Seasonality of feeding and nutritional status during the austral winter in the Antarctic sea urchin Sterechinus neumayeri
The seasonal pattern of food intake and tissue energy status was measured over a 2 year period for two populations of the common Antarctic echinoid Sterechinus neumayeri living on contrasting substrata at Rothera Point, Adelaide Island, Antarctica. Food intake was estimated from faecal egestion, and both tissue mass and energy content assessed. Food availability was intensely seasonal, in that water column chlorophyll content and sediment pigment content varied markedly throughout the year. In response, both urchin populations showed an extremely seasonal cycle of faecal egestion, indicating a strong seasonality of feeding activity. Urchins from North Cove living on soft sediment fed at a considerably higher rate, and had a significantly larger Aristotle's lantern, than those in South Cove, 1 km away, living on hard substrata and taking a more cosmopolitan diet. Faecal egestion in both populations was zero for a 7 month period in the austral winter of 1997, and again for a 4 month period in 1998. During the austral summer of 1997/1998, 84% of the total annual energy intake took place in the period January to March. Significant decrease in gut tissue mass provided energy for maintenance in early winter, although progressive reduction of both gonad energy content (but without a detectable change in gonad mass) and body wall organic mass provided energy during the late winter period. The mass of reproductive tissue showed large differences between the two sites, but there was no marked decrease associated with spawning. Tissue proximate composition was assessed stoichiometrically from elemental composition and also checked by direct assay; gonad tissue was richer in lipid than gut tissue, though both were dominated by protein and contained only small amounts of carbohydrate. These data suggest that the very strong seasonality of food intake does not pose a significant energetic challenge for this species.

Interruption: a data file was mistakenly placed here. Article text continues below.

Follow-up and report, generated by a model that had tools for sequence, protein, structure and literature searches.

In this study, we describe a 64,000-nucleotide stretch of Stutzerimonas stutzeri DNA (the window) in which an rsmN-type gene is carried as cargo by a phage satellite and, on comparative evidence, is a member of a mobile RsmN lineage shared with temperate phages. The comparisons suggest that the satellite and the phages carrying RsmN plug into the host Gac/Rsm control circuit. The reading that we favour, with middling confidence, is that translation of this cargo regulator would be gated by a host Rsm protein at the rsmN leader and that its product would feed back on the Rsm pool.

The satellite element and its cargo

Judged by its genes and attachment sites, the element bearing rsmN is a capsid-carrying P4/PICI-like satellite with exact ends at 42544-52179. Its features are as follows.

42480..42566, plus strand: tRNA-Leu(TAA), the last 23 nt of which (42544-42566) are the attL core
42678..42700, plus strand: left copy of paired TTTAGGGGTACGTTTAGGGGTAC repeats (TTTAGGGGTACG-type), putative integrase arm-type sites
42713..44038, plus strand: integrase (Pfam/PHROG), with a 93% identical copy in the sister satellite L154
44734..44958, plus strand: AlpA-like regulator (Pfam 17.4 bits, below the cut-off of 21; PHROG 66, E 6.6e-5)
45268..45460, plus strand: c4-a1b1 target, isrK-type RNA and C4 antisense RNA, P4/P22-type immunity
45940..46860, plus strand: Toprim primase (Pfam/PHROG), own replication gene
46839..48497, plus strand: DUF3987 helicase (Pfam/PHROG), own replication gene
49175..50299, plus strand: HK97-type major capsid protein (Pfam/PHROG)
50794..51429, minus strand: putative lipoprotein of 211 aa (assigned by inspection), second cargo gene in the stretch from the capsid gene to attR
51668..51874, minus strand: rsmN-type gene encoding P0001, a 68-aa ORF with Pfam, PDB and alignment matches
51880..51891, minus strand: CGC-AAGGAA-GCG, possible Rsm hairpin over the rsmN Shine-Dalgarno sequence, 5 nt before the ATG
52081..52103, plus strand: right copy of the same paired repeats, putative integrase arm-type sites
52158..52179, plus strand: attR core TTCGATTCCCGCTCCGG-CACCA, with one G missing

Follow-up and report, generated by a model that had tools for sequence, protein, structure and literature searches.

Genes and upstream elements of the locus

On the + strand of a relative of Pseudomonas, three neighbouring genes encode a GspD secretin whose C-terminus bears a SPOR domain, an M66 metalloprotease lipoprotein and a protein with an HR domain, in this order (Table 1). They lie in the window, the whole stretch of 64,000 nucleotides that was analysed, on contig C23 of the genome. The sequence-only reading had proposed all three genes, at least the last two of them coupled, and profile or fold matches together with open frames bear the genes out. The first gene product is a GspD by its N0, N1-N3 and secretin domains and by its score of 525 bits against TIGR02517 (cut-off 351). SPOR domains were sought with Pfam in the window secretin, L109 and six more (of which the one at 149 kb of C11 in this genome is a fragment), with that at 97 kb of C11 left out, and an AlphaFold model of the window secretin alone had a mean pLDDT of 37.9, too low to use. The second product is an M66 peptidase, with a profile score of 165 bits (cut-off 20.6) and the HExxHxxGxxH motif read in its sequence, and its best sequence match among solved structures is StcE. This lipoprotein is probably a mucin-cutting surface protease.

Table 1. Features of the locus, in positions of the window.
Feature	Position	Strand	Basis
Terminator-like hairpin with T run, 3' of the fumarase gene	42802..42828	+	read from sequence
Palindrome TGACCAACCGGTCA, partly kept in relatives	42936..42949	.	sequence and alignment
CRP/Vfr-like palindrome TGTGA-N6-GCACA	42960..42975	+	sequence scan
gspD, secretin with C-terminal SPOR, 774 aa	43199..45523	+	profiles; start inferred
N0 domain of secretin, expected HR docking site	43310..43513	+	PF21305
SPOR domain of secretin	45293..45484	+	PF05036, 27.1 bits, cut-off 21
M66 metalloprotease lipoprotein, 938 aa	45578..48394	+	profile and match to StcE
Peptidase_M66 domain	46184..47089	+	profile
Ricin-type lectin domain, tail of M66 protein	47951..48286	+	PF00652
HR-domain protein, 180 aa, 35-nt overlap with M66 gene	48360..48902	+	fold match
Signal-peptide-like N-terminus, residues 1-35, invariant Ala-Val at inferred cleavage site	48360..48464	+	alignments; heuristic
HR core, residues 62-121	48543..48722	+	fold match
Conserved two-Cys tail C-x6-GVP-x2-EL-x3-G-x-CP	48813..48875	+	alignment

Authors: Brockington, S., Clarke, A., Chapman, A.L.G.